One In Three Pregnant Women Suffers From Depression And Anxiety


A new poll conducted by the National Health Service (NHS) in the United Kingdom (UK) found that almost one third of pregnant women are depressed and anxious. Findings showed that nearly 15 percent of expecting mothers are suffering from antenatal depression, also known as prenatal depression that occurs during pregnancy.

For many women, getting pregnant is one of the most amazing journeys one can take. It is easy to paint a colorful picture of expecting mothers gingerly carrying their growing wombs. However, the NHS poll pushed the spotlight into the other side of what goes on during the nine-month journey. This type of clinical depression could be an indication of a possible postpartum depression if left untreated.

Findings from the NHS poll revealed that many pregnant women who feel anxious or depressed within the nine-month journey are afraid to tell their midwife or doctors about it. Moreover, the NHS poll showed nearly 30 percent of the soon-to-be-moms are experiencing key indicators of prenatal depression as well.

The similar topic has been addressed in poll conducted by BabyCentre, one of UK's online sources for expecting mothers. A survey of 1,000 pregnant women and mothers revealed that 42 percent of the participants have never shared their symptoms of depression to their midwife and doctors. These women shared top three reasons for not sharing the ordeal: guilt, embarrassment and fear of being judged.

The BabyCentre poll exposed that nearly half didn't want to be given the mentally ill label. Lastly, 26 percent had never discussed their symptoms with their spouse, relative and even close friends. One in five (21 percent) participants has yet to do something about their symptoms.

"There is still a stigma attached to depression and our research shows that admitting to suffering from symptoms whilst pregnant is something many expectant mums feel unable to do. As a result they aren't seeking the help and support they need from health professionals. This needs to change." said BabyCentre's international managing editor Sasha Miller.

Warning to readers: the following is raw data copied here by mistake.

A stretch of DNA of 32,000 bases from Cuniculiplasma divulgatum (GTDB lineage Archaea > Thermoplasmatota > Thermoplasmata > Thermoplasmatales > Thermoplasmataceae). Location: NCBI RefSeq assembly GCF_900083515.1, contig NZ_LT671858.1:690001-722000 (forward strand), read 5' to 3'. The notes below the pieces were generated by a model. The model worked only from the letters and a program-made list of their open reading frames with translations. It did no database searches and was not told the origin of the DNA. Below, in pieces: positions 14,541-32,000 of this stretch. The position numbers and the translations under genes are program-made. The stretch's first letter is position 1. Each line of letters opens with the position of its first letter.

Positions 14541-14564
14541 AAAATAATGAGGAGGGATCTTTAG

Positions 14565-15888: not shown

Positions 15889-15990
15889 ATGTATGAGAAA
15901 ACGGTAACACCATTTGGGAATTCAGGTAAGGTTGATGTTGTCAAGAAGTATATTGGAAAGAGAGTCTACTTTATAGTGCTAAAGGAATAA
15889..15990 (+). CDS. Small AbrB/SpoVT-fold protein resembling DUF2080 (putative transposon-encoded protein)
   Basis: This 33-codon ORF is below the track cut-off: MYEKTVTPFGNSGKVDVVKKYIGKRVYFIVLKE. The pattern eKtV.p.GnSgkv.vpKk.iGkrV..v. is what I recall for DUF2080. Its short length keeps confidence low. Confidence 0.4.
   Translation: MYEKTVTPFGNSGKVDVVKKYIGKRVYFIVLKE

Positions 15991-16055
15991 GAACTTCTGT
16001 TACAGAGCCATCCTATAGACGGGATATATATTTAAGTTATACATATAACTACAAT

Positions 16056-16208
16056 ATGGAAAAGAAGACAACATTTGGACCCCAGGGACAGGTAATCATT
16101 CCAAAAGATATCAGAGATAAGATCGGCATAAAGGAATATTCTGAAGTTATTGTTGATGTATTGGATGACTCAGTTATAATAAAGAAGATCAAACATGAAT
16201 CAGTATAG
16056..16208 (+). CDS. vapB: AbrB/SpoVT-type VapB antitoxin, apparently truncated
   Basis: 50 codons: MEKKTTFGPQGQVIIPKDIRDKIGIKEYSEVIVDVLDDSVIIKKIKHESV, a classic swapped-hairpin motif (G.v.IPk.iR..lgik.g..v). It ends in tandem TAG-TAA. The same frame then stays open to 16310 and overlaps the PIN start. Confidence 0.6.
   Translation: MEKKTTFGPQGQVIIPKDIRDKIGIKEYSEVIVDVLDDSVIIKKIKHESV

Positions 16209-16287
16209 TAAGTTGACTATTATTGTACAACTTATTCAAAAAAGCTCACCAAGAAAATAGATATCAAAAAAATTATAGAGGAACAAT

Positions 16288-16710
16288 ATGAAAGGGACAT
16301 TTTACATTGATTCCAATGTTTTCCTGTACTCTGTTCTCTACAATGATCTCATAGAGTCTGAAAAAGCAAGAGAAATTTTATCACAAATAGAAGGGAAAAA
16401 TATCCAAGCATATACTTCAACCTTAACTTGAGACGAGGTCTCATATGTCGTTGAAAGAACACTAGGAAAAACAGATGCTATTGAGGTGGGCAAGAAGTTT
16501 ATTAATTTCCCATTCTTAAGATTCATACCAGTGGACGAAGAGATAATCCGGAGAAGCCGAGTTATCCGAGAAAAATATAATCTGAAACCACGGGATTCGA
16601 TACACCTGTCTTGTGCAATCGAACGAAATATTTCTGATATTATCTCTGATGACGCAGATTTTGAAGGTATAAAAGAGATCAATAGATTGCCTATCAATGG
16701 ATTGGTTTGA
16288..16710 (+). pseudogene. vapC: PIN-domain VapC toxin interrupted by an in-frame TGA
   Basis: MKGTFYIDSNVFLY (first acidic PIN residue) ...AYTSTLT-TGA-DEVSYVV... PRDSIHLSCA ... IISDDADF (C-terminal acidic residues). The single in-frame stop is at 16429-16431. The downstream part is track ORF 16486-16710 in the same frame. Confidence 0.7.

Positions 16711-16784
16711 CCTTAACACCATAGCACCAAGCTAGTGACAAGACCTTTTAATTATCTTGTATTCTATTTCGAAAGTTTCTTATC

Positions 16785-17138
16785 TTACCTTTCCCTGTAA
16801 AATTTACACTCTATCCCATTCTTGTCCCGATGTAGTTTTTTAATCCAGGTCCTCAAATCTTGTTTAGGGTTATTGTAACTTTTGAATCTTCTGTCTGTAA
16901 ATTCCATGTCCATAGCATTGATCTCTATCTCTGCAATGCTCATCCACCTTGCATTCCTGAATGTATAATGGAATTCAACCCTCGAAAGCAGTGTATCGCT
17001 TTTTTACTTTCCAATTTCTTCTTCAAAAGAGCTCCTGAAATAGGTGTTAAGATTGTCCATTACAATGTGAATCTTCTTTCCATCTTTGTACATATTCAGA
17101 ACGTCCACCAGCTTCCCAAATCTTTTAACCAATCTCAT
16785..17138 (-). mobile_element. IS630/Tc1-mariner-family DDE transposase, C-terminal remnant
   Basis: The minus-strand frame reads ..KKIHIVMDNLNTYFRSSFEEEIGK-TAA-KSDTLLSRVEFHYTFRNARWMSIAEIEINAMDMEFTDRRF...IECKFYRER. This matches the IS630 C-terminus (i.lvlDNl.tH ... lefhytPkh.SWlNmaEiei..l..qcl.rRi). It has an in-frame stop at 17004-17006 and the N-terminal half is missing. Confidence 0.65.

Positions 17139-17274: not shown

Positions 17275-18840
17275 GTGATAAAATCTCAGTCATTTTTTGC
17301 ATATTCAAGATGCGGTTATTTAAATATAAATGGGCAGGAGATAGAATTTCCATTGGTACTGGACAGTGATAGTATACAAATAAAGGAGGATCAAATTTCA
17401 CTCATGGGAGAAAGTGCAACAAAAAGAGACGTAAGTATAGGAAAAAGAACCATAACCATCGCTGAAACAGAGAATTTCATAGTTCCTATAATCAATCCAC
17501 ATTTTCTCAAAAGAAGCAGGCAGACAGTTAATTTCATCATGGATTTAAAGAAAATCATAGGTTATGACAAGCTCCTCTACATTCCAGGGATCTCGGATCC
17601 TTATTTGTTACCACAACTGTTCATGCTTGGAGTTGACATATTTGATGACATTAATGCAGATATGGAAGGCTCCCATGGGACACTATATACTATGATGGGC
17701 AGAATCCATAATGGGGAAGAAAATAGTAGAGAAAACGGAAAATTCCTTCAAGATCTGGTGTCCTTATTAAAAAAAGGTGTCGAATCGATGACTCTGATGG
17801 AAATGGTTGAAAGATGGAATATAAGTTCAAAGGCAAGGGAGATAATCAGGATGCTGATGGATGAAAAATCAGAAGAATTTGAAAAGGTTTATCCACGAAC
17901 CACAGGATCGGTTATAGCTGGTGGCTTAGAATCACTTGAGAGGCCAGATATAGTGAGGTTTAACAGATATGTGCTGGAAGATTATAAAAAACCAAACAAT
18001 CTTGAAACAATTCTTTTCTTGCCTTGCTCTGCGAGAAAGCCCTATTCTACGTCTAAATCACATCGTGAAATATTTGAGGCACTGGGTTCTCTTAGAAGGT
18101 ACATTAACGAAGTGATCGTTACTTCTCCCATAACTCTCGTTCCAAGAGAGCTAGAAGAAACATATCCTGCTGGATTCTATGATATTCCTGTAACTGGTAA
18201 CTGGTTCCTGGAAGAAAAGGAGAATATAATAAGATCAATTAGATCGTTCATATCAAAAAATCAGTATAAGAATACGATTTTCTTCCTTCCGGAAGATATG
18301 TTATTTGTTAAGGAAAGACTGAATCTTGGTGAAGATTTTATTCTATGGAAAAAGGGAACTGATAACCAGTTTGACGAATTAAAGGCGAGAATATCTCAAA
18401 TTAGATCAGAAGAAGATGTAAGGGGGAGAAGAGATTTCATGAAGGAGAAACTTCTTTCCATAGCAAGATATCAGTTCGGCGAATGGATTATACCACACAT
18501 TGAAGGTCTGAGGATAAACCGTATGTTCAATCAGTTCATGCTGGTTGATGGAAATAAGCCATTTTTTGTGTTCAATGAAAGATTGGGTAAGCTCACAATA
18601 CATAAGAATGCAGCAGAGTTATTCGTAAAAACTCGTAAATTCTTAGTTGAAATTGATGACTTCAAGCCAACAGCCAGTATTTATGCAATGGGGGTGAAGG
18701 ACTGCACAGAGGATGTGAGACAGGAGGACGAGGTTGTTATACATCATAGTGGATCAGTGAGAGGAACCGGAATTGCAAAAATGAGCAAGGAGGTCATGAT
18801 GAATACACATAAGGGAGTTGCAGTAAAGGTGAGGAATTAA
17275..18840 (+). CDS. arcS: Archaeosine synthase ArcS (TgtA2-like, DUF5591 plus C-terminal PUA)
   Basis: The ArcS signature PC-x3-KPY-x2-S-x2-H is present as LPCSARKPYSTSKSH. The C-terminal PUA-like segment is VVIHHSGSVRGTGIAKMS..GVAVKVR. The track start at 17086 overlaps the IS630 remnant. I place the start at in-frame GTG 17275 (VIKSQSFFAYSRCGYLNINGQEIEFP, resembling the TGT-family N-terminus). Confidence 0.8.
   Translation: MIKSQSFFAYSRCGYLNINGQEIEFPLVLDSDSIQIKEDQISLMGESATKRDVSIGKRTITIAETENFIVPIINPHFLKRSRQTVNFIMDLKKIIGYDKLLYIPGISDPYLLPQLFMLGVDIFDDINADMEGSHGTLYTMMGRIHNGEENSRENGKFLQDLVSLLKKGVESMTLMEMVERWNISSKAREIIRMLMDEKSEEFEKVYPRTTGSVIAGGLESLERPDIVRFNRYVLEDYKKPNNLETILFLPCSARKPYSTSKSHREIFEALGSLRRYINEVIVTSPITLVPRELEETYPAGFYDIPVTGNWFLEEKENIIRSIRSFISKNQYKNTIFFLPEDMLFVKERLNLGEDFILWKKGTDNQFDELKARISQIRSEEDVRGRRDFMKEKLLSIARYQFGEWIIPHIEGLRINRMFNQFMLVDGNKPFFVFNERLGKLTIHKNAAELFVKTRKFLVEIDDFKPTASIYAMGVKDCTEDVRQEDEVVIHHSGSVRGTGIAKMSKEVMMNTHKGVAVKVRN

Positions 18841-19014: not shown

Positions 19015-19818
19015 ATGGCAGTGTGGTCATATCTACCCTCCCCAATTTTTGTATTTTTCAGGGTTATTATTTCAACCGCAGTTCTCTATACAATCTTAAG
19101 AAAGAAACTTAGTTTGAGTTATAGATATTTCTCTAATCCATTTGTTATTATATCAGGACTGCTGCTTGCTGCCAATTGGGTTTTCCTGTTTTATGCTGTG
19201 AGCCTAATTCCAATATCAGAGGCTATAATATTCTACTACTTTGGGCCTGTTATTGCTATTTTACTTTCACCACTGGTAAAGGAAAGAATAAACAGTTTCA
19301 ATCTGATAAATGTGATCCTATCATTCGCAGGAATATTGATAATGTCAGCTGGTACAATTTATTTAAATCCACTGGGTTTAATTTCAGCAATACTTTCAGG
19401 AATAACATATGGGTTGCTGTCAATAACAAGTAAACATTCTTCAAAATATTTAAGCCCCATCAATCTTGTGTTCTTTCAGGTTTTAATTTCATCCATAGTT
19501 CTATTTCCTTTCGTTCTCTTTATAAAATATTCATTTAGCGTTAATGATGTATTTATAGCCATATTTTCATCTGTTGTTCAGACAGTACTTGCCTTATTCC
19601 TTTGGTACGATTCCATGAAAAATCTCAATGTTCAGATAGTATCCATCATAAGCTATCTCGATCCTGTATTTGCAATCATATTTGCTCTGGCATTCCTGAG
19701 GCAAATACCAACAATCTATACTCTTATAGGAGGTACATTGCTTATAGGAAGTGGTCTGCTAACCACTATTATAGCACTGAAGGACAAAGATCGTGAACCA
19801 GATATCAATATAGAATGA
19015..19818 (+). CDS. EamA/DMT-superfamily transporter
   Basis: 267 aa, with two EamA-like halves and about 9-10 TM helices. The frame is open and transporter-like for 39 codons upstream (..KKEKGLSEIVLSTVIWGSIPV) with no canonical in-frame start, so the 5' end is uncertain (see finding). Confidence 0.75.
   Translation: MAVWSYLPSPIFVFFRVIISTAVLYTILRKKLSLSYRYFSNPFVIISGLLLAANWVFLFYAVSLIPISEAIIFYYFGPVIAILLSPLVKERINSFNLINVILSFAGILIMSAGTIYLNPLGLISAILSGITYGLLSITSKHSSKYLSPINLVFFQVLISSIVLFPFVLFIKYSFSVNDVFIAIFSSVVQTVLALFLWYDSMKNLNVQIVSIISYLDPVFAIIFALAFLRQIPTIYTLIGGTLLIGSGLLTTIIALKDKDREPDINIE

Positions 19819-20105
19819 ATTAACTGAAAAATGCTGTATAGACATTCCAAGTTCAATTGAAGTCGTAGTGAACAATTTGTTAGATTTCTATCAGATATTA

The poll results showed the 'alternative face' of pregnancy. Pregnancy is both a physical and emotional journey for expecting moms. Miller added that women feel the pressure of having to paint the picture of a perfect pregnancy; however, this is not often the case for most mothers-to-be. Depressed pregnant women were asked about their biggest fear when it comes to having a newborn, postnatal depression, also called postpartum depression, was stated by most of women surveyed. This fear came first than the baby's health and monetary issues.

Royal College of Obstetricians and Gynaecologists (RCOG) spokesman Dr. Patrick O'Brien expressed that pregnant women must receive the right kind of support they need at the time they need it most. O'Brien added that obstetric units must be able to refer their patients who suffer from depression to mental health services specialized for pregnant women and new mothers and in order to do so, a defined care pathway must be set.

Here are some causes of prenatal depression:

  • Time of pregnancy. Younger women have higher risks compared to elder women.
  • History of depression
  • Little support from family
  • Living alone
  • Domestic violence
  • Occurrence of conflict within the marriage
  • Uncertainty and unacceptance of the pregnancy
  • History of premenstrual dysphoric disorder, a severe type of pre-menstrual syndrome (PMS)

How Depression Affects Pregnancy

Depression affects a woman's ability to take care of herself during the nine-month journey. Depression can make them forget to take medications on time, eat healthy and get enough sleep.

Depression also increases the risk of drinking alcohol, using illegal drugs and smoking that can affect the development of the child. Depression puts up a wall between the mother and the growing baby, which then affects a mother's ability to bond.

How Pregnancy Affects Depression

Pregnancy can be a stressful time in a woman's life especially since it is no longer just about herself. The thought of growing a person inside her own womb can be enough to stress a woman out.

These prenatal anxieties can worsen clinical depression and lead to postpartum depression if not treated.

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